How much vitamin D do I need?
March 21, 2015 10:34 AM   Subscribe

Hi, According to this article, we should be getting 7,000 IU/day, because someone made a statistical mistake. a) should I follow this advice? b) how much vitamin D is that, exactly?
posted by mecran01 to Health & Fitness (7 answers total) 8 users marked this as a favorite
 
Your doctor can order blood tests to test your Vitamin D levels, so start there during your annual wellness visit or if you're not feeling like yourself. It's how I found out I had a massive Vitamin D deficiency and got prescription Vitamin D to take weekly, which has made an enormous difference for me.
posted by discopolo at 10:39 AM on March 21, 2015 [1 favorite]


There are some in the medical community that are now saying supplementation of Vitamin D does nothing to help us and can harm us.
posted by cecic at 10:58 AM on March 21, 2015 [1 favorite]


There are some in the medical community that are now saying supplementation of Vitamin D does nothing to help us and can harm us.

... with respect to lowering blood pressure, perhaps. With respect to cancer prevention and general well-being, the science on Vitamin D is still quite promising. While it's true that it's only a real problem if you have a deficiency, many people, especially those who live at high latitudes and don't spend a good portion of their days outside, have deficiencies (around 40% of Americans according to this study, with much higher rates for certain groups). Scientists who work on vitamin D routinely say that the RDA is set way too low, that it's set at the bare minumum that prevents rickets. It looks like this is the argument that these researchers from Creighton are making.

When I asked my doctor to test for D deficiency, she told me she never bothers because everyone comes up deficient (!). I live in the PacNW where full sun can be scarce even in the spring. She prescribed me 50,000 IU Vitamin D capsules to take once a week.

I buy vitamin D in capsules that contain 2000 IU, so to reach 7000 units a day I'd probably take three of those daily. The capsules are small and I don't think they need to be spaced out or anything, although it's better to take it with some fat. 7000 IU is around what I saw recommended when I started reading cancer studies about vitamin D; general consensus, as echoed in the article you link, seemed to be that taking less than 10,000 IU is generally OK (10,000 IU is about as much as your body would generate from being in the sun) and that supplementation is especially important in the winter, when you're not spending time in the sun.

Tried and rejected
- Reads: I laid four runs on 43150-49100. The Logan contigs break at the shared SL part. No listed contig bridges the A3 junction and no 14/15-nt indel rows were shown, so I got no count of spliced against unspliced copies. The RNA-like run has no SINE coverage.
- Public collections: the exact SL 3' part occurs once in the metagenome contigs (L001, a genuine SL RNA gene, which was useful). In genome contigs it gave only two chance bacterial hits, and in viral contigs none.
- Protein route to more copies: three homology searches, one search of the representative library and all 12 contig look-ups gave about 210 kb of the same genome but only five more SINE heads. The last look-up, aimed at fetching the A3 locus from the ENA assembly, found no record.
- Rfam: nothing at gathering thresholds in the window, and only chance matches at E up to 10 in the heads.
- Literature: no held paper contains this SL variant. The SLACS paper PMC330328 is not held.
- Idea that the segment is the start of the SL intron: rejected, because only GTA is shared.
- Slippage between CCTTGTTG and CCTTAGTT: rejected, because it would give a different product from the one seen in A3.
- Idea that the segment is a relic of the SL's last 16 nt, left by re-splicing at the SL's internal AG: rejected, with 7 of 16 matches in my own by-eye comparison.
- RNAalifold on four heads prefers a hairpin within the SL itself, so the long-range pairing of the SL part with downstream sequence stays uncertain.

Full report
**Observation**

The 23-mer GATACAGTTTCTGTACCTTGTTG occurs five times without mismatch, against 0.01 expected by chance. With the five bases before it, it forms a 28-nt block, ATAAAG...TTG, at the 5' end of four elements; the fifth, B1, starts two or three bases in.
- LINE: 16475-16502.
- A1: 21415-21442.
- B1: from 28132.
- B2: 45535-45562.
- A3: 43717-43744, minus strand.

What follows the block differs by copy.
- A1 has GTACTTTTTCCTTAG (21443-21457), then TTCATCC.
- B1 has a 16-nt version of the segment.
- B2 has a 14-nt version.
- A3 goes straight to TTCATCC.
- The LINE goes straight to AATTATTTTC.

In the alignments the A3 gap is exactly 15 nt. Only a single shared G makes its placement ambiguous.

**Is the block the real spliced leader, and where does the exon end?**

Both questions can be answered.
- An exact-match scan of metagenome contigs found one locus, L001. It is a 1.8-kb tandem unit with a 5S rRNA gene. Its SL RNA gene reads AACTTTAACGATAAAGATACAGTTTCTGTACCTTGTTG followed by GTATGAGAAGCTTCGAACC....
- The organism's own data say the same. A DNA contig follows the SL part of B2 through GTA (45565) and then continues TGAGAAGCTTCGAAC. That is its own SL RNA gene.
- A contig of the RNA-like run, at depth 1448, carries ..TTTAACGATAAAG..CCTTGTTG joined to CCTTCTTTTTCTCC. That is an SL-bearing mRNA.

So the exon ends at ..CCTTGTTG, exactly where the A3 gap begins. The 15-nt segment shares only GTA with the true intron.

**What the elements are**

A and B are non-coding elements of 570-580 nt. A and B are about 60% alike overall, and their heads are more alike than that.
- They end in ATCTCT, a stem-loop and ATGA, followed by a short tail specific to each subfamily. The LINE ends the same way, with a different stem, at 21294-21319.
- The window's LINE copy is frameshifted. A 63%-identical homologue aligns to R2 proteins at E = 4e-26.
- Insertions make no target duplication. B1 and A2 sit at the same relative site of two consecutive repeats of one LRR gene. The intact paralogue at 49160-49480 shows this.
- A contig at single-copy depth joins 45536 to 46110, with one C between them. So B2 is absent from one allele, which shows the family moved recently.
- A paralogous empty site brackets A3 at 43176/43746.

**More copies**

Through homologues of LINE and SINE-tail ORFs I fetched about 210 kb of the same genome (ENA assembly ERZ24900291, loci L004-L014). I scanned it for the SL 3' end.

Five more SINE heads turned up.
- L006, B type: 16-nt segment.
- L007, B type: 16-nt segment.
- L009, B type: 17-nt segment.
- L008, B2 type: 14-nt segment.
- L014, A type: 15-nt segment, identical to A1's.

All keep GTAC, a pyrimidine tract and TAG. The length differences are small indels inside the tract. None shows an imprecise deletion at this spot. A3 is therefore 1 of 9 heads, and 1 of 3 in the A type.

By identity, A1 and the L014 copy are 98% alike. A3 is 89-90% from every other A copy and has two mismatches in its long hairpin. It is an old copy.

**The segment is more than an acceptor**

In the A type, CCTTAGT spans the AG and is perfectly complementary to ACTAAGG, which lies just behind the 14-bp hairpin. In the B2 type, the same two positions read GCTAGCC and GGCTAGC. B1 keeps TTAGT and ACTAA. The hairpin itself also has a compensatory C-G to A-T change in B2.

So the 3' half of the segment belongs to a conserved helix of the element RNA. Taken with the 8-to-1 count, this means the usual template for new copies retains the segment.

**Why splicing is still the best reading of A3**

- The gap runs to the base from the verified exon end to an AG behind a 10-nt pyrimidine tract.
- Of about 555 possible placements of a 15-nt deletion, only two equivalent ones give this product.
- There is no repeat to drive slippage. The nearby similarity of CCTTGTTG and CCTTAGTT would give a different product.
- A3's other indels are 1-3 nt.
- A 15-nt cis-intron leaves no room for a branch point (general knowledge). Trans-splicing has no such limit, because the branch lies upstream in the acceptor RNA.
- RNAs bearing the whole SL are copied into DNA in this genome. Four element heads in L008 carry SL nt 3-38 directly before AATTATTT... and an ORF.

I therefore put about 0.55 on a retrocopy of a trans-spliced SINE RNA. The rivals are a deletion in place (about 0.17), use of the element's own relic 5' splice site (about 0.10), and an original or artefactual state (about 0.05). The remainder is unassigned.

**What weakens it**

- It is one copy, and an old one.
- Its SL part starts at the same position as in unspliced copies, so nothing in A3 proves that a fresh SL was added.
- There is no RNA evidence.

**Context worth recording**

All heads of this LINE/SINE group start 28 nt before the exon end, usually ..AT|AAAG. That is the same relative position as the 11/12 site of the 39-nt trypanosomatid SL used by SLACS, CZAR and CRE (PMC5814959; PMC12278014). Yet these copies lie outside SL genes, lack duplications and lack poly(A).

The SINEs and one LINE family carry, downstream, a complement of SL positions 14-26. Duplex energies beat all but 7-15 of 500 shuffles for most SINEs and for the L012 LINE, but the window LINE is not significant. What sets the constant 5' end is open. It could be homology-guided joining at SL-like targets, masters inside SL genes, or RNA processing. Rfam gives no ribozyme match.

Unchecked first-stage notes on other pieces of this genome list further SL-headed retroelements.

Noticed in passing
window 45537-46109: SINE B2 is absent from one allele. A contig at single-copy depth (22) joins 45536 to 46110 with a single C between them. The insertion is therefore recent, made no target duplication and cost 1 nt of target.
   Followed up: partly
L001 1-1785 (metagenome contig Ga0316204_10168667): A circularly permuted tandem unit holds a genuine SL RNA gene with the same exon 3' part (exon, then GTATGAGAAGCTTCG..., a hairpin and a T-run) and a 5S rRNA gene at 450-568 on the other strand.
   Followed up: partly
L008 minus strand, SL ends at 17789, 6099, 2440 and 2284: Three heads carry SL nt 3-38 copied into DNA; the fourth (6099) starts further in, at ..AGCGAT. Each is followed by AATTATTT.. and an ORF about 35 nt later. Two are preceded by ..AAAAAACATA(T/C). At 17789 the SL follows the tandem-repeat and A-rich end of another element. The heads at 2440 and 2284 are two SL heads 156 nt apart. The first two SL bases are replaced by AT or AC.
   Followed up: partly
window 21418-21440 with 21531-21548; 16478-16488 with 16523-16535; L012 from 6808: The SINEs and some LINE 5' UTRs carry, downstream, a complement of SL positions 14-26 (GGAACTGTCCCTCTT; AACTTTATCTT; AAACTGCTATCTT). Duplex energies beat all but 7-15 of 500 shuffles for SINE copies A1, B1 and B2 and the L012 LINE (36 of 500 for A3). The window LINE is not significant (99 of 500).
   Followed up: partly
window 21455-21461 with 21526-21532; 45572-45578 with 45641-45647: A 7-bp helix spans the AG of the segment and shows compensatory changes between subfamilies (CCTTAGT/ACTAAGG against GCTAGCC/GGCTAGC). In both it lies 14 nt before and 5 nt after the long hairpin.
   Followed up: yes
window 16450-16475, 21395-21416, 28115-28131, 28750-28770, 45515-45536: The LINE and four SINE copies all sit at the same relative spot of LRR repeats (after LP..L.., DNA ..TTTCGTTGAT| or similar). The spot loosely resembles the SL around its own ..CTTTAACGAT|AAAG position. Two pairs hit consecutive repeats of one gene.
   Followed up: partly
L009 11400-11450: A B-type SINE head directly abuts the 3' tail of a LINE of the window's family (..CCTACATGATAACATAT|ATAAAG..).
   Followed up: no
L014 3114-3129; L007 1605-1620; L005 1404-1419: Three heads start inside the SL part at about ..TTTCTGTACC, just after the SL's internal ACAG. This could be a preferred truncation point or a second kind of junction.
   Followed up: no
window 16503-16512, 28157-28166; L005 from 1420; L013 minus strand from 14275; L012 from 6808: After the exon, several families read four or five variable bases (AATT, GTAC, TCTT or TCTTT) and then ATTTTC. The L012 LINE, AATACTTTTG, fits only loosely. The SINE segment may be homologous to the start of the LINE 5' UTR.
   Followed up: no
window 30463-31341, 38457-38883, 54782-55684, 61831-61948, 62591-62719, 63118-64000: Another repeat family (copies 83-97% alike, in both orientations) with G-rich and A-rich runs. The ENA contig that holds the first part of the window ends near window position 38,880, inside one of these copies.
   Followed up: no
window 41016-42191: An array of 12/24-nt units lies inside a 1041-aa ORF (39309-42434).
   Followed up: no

posted by dialetheia at 11:27 AM on March 21, 2015 [9 favorites]


The CBS program (linked to above re: Vitamin D being debated in the medical community)/the doctor they interview does not name the study they're talking about. In looking for more information and for the study they were referencing (which turns out to be Effect of Vitamin D Supplementation on Blood Pressure: A Systematic Review and Meta-analysis Incorporating Individual Patient Data.), I found another article breaking down that CBS spot and giving more information about the studies that Dr. Agus made reference to without naming. I think the CBS spot was misleading at best.
posted by needs more cowbell at 12:46 PM on March 21, 2015 [3 favorites]


When I asked my doctor to test for D deficiency, she told me she never bothers because everyone comes up deficient (!). I live in the PacNW where full sun can be scarce even in the spring. She prescribed me 50,000 IU Vitamin D capsules to take once a week.

It's true that most people, especially in certain regions, are deficient, but it's still worth testing. I was supplementing significantly with less than this dosage and ended up with vitamin D levels that were too high.
posted by telegraph at 2:10 PM on March 21, 2015 [3 favorites]


My experience was very similar to discopolo's. I had a very low number. I was told I had to be retested every six months. I spoke to my doctor about it and she told me what a good number was.

I also continue to take Vitamin D. (Another person living in an area with little sun here.)
posted by Ms. Moonlight at 2:24 AM on March 22, 2015 [1 favorite]


I would definitely talk to your doctor before starting heavy supplementation. You should probably get a baseline level and then check it after a few months of supplementation to see how much it has come up. Good luck!
posted by brevator at 4:25 PM on March 22, 2015 [1 favorite]


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